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When testing for heart disease, the goal is to distinguish between heart-related symptoms and symptoms that are caused by another condition. Testing is ordered to help determine which heart disease is present, whether the disorder is acute or chronic, and the severity and extent of the disease. It is also ordered to monitor a cardiac event that is in progress (such as a heart attack).
When a patient presents to the emergency room with acute coronary syndrome – a group of symptoms that suggest heart injury due to a lack of blood flow – they are evaluated with a variety of laboratory blood tests and other tests. These are used to determine the cause of the pain and the severity of the condition. Since some treatments for a heart attack must be given within a short period of time to minimise heart damage, an accurate diagnosis must be quickly confirmed.
Heart disease that is causing few symptoms may be detected during a visit to the doctor for nonspecific symptoms such as fatigue. Doctors may order a variety of blood tests and other tests to investigate possible causes for the patient’s symptoms. Diagnosis of heart disease in these people may take time and patience.
Testing patients for existing heart disease is not the same as cardiac risk testing (which gives a measure of the risk of coronary heart disease). Cardiac risk testing is performed to screen asymptomatic people – i.e., to help determine their risk of developing coronary heart disease.
Laboratory blood tests
Cardiac biomarkers - that are released when muscle cells are damaged - are frequently ordered when patients have symptoms of acute coronary syndrome, such as chest pain; pain in the jaw, neck, abdomen, or back, or pain that radiates to the shoulder or arms; nausea; ; and lightheadedness.
Doctors will test for:
- Cardiac troponin I or T (This is the most commonly ordered and cardiac-specific of the markers. It will be elevated within a few hours of heart damage and will remain elevated for up to two weeks.)
- CK-MB (This one particular form of the creatine kinase which is found mostly in heart muscle and rises when there is damage to the heart muscle cells. This test has been replaced by the more specific cardiac troponin test.)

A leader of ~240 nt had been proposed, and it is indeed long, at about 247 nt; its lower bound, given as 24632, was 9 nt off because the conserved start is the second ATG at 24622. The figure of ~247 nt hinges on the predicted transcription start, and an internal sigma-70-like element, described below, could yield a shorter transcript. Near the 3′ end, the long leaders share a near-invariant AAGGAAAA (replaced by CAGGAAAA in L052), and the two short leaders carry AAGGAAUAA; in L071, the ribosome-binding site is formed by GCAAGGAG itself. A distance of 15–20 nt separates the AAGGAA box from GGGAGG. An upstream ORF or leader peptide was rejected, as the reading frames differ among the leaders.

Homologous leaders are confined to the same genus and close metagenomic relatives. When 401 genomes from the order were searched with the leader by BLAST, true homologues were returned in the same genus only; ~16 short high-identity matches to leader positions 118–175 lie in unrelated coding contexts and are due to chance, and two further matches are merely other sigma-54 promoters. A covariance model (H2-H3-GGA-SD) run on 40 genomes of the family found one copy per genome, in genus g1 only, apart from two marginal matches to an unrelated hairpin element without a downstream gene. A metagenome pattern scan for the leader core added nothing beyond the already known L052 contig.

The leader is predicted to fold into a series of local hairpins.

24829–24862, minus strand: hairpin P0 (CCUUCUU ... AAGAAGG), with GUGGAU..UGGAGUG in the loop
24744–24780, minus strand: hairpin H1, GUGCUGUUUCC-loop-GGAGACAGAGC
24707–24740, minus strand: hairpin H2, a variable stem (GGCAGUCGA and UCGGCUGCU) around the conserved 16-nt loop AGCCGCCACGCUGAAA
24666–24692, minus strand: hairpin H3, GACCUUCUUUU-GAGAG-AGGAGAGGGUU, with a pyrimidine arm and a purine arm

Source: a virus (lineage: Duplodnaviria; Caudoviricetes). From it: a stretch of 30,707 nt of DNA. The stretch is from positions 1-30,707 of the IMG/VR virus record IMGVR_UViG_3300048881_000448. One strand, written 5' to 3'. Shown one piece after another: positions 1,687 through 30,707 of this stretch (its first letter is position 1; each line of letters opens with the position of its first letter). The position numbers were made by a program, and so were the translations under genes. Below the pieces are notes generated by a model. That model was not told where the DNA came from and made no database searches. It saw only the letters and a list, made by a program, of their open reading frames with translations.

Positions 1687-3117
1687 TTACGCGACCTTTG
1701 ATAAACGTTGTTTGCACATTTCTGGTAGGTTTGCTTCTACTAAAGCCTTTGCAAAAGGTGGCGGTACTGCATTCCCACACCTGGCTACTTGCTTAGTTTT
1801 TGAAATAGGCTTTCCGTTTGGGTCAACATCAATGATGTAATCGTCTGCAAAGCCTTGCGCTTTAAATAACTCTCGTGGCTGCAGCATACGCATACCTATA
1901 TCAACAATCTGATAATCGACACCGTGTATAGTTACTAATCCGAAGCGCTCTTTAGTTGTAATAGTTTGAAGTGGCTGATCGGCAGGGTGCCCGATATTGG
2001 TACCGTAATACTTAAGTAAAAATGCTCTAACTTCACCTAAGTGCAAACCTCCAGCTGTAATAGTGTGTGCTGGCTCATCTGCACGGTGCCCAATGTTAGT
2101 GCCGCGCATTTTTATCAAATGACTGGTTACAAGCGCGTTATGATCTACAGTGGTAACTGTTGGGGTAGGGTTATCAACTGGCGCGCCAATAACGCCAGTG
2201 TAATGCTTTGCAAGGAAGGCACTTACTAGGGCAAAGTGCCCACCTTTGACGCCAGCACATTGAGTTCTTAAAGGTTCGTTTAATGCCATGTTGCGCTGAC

- Brain natriuretic peptide (This is released by the body as a natural response to heart failure. Increased levels of BNP, while not diagnostic for a heart attack, indicate an increased risk of cardiac problems in persons with acute coronary syndrome.)
The heart also releases BNP when it is stretched, and for this reason BNP is also measured in those who have swelling in the legs or abdomen or shortness of breath to see if heart failure may be present.
More general blood tests that may be ordered:
A range of other evaluations and tests are used to assess chest pain and other symptoms. These include:
- A medical history, including an evaluation of risk factors (such as age, CAD, diabetes, and smoking)
- A physical examination
- An or ECG (which looks at the heart’s electrical activity and rhythm)
- (ultrasound imaging of the heart)
Based on the findings of these tests, other procedures may be necessary, including:
- Stress testing
- A chest X-ray
- Continuous ECG monitoring (sometimes also called Holter monitoring, where the patient wears a monitor that evaluates heart rhythm over a period of time)
- (Magnetic resonance imaging)
- PET (Positron emission tomography)
- Radionuclide imaging
- Cardiac catheterisation (a thin flexible tube is inserted into an artery in the leg and threaded up to the coronary arteries to evaluate blood flow and pressure in the heart, as well as the status of the arteries in the heart)
- Coronary angiography (X-rays are taken of the arteries using a radio-opaque dye to help diagnose CAD; this procedure is performed during coronary catheterisation)
- Tilt table test (to evaluate )
Last Review Date: September 4, 2017